Intelligent traffic lights rely on almost the same technology as the intelligent door. But the technology is not exactly the same. If one person intends to pass through the door, the door must open. If just one person is going to cross the street, the traffic light should not necessarily change from red to green immediately. It depends on traffic density. In this respect, the traffic light is thus more advanced than the door.
“The intelligent traffic light is fitted with 3D cameras that collect data for estimating the geometry of and distance to pedestrians. The camera then makes 3D models of the people,” Kofod-Petersen explains.
The camera therefore “sees” human beings – and other objects – in a three-dimensional space. In the computer inside the traffic light an object is represented by a set of vertices in space, as a point cloud. The traffic light uses the point cloud to determine which objects are human beings, and which are other objects or environments.
“A wire frame is superimposed on the point cloud human. Hip and shoulder angles, gaze directions and speed of motions are measured on the wire frame. All this information is used to calculate intentions,” Kofod-Petersen says.
Rooted in semiotics
Intelligent traffic lights are guided by information on human behaviour. In this context, artificial intelligence must interpret and understand human beings without the help of verbal communication.
The traffic light computer is nevertheless based on semiotics, a linguistic model that says that behaviour, gestures and facial expressions are signs to be interpreted. In order for you and me or an artificial intelligence to understand a sign, we must agree on the interpretative framework for the signs.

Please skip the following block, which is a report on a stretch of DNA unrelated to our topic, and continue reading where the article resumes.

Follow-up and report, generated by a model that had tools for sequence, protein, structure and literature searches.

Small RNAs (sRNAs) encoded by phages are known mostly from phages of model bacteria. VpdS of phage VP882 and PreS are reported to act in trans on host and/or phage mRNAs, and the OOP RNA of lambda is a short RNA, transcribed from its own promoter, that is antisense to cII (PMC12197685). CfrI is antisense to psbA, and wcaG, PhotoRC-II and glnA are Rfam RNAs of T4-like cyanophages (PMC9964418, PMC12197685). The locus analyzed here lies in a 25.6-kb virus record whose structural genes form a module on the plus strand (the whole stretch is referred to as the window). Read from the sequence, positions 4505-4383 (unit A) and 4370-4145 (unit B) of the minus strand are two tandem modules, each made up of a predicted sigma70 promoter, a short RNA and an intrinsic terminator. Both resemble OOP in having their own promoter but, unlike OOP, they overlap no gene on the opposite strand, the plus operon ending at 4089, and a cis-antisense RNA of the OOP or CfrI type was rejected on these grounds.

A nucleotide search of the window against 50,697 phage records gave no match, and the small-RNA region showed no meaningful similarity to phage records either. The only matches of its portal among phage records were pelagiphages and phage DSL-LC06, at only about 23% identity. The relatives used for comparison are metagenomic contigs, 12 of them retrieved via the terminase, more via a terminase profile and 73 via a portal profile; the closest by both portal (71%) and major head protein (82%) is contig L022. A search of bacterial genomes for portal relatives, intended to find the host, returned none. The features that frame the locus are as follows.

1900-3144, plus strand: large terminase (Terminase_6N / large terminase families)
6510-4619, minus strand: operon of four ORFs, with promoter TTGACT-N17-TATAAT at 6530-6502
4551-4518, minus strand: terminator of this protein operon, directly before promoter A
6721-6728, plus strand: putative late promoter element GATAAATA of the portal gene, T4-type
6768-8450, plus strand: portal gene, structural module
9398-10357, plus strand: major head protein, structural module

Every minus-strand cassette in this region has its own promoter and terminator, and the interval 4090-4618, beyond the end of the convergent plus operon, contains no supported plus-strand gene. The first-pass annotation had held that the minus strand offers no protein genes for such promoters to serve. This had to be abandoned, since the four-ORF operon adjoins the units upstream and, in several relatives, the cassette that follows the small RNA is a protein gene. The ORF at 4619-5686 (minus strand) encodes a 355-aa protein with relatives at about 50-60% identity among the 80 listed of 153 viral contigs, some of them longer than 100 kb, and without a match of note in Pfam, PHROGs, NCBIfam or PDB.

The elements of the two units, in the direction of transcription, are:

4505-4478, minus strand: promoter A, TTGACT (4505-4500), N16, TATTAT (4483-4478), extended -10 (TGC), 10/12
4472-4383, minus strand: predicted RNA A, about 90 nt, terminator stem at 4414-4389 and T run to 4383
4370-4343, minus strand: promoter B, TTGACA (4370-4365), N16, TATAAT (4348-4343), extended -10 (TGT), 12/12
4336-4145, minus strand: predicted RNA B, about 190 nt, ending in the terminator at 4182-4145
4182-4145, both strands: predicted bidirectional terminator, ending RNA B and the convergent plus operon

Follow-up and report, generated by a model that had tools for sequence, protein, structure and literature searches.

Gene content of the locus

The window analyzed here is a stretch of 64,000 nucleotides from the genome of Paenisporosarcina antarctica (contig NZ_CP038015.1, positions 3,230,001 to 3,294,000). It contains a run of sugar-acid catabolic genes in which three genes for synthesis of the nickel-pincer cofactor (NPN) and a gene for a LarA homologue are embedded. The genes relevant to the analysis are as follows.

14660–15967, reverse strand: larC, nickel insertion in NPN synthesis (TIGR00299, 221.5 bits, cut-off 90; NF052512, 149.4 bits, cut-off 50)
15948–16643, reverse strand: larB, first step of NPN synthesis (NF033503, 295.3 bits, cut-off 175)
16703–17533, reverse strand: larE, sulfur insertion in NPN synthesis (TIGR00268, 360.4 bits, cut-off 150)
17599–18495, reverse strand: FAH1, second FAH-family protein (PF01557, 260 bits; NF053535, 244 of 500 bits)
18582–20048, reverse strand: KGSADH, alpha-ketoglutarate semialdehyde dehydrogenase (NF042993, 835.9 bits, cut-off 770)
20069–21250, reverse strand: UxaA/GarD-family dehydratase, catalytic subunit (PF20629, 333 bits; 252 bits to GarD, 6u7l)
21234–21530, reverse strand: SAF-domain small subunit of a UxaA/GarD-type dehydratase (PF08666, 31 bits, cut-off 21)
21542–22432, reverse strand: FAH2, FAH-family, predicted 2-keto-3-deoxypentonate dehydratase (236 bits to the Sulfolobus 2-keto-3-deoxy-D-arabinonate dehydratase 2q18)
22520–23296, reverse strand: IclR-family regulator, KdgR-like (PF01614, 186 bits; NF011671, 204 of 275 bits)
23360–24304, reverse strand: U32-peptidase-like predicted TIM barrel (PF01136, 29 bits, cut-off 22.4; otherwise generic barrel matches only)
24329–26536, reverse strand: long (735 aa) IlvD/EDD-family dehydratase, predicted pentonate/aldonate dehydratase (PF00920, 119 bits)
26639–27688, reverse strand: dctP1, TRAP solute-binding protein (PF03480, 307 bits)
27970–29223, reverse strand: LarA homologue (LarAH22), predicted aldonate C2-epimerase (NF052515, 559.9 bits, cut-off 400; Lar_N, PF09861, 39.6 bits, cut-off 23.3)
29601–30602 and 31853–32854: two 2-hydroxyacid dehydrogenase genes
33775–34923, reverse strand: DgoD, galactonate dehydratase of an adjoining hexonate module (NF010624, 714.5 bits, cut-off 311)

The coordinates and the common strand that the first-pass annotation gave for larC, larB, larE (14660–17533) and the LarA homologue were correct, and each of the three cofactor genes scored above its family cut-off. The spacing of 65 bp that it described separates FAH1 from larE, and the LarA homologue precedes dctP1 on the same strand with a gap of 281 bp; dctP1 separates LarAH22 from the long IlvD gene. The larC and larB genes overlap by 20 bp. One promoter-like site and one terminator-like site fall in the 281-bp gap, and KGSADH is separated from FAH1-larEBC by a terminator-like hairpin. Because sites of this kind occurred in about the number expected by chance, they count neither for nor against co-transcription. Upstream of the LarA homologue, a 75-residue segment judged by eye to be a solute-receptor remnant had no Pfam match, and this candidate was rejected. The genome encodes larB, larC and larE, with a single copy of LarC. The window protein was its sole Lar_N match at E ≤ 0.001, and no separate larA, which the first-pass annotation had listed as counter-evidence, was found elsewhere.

When a person approaches a traffic crossing, he or she may turn around or fumble in her handbag, looking for his or her mobile. The smart traffic light will see this and will
determine what is relevant information with regard to the matter at hand: Whether or not that person is going to cross the road.
Kofod-Petersen’s research team hopes that a smart traffic light can soon be put to use. The researchers hope to begin testing the light at a zebra crossing in Trondheim in the spring of 2013. If the test is successful, the new traffic light could herald a new way of handling traffic.
“Everybody wants the traffic flow to be optimal. As researchers, we must know more about the road users. Up to now we have had suitable tools for counting cars heading for intersections, and for counting non-motorists waiting for a green light. But these numbers say nothing about where people are going, and what category these numbers refer to,” Kofod-Petersen says.
Moreover, he believes that in a few years, cars will have more technical equipment and on-board capacity for intelligent transport systems (ITS) than is the case today.
“Assuming that cars have this kind of technical equipment, motorists will know the length of green and red lights at intersections and will know whether the pedestrians are grown-ups, elderly with walkers, or a group of small children,” he notes.
“The next step in developing ITS will be to coordinate intelligent traffic lights. Next will be the better classification of pedestrians, the improvement of intersections, and over the longer term, better classification of cars and bicycles,” he says.